Spon­sored by the Lo­cal Man­age­ment Board, the So­cial Ac­tion Com­mit­tee meets on the sec­ond Tues­day of the month. When the com­mit­tee met in Novem­ber, dis­cus­sion fo­cused on racial ten­sions in schools, no­tably at KCMS.

At the Dec. 12 meet­ing, Tue and So­cial Ac­tion Com­mit­tee mem­ber Bar­bara Glenn of East­ern Shore Psy­cho­log­i­cal Ser­vices spoke about ef­forts to reach out to chil­dren at KCMS and the for­ma­tion of a group called Stu­dents Talk­ing About Race, or STAR. Tue said the STAR group is look­ing for a venue to host a lock-in as a kick-off event.

There also was dis­cus­sion about KCPS’ pro­posed up­date to its bul­ly­ing pol­icy, ex­pand­ing def­i­ni­tions for bul­ly­ing and bias and out­lin­ing ef­forts to curb them. The pol­icy is ex­pected to be voted on by the Kent County Board of Ed­u­ca­tion next month.

Dorsey asked that ad­min­is­tra­tors en­sure the pol­icy is en­forced evenly across the board. She said it would be un­fair if cer­tain pun­ish­ments were handed out to stu­dents, but not oth­ers for sim­i­lar of­fenses.

The So­cial Ac­tion Com­mit­tee is work­ing on the for­ma­tion of a Mul­ti­cul­tural Ed­u­ca­tion Com­mit­tee. Rep­re­sen­ta­tives are be­ing cho­sen from KCPS, lo­cal pri­vate schools, par­ents, the Lo­cal Man­age­ment Board, the So­cial Ac­tion Com­mit­tee, Wash­ing­ton Col­lege and the Bay­side HOYAS, among oth­ers.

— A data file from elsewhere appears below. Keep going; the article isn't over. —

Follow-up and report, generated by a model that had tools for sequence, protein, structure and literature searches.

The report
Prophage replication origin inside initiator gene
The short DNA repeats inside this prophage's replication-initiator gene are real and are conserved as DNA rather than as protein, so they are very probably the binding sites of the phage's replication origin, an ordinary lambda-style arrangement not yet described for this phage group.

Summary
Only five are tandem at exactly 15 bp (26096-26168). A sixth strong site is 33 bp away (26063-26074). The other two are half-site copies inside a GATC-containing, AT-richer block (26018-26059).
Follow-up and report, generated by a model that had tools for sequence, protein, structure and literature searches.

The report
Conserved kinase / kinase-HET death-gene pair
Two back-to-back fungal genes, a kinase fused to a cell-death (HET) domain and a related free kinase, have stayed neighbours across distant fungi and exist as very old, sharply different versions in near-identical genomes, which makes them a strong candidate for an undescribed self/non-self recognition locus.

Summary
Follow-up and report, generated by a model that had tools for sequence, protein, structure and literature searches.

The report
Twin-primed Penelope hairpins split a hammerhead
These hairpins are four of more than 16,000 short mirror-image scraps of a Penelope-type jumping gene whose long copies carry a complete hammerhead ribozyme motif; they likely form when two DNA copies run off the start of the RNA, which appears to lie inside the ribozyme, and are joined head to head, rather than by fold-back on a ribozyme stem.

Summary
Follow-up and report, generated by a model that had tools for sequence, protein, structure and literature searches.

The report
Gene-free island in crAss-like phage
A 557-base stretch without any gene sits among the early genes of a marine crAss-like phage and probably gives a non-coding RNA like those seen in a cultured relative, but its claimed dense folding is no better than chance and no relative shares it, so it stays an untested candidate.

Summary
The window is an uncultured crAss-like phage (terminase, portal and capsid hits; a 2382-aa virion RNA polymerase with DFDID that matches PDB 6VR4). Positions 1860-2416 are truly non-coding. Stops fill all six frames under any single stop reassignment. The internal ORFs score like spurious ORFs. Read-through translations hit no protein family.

“The MEC is a cross sec­tor ta­ble to en­sure eq­ui­table ed­u­ca­tion for Kent County stu­dents,” states the Dec. 12 agenda in defin­ing the pur­pose of the Mul­ti­cul­tural Ed­u­ca­tion Com­mit­tee.

Lo­cal Man­age­ment Board Di­rec­tor Rose­mary Ram­sey Granillo, who mod­er­ated the meet­ing, said there was a pre­vi­ous in­car­na­tion of the Mul­ti­cul­tural Ed­u­ca­tion Com­mit­tee formed in the late 1990s un­der state man­date. She said the com­mit­tee likely fell off when the state no longer required it and no staff mem­ber was com­mit­ted to it.

“So this is re­ally the com­mu­nity com­ing back to­gether and say­ing, ‘Yes, this im­por­tant.’ And I think that is the first sign that we’re in the right di­rec­tion, that we have the lo­cal buy-in,” Granillo said.


Mem­bers of the So­cial Ac­tion Com­mit­tee and the com­mu­nity on Dec. 12 dis­cuss the lack of di­ver­sity among the teachers and ad­min­is­tra­tors in Kent County Pub­lic Schools. The So­cial Ac­tion Com­mit­tee meet­ing was held in Sum­ner Hall and mod­er­ated by Kent County Lo­cal Man­age­ment Board Di­rec­tor Rose­mary Ram­sey Granillo.


Ad­dress­ing the So­cial Ac­tion Com­mit­tee Dec. 12 at Sum­ner Hall, Chestertown res­i­dent Ar­mond Fletcher dis­cusses the im­por­tance of di­ver­sity among teachers for stu­dents in Kent County Pub­lic Schools.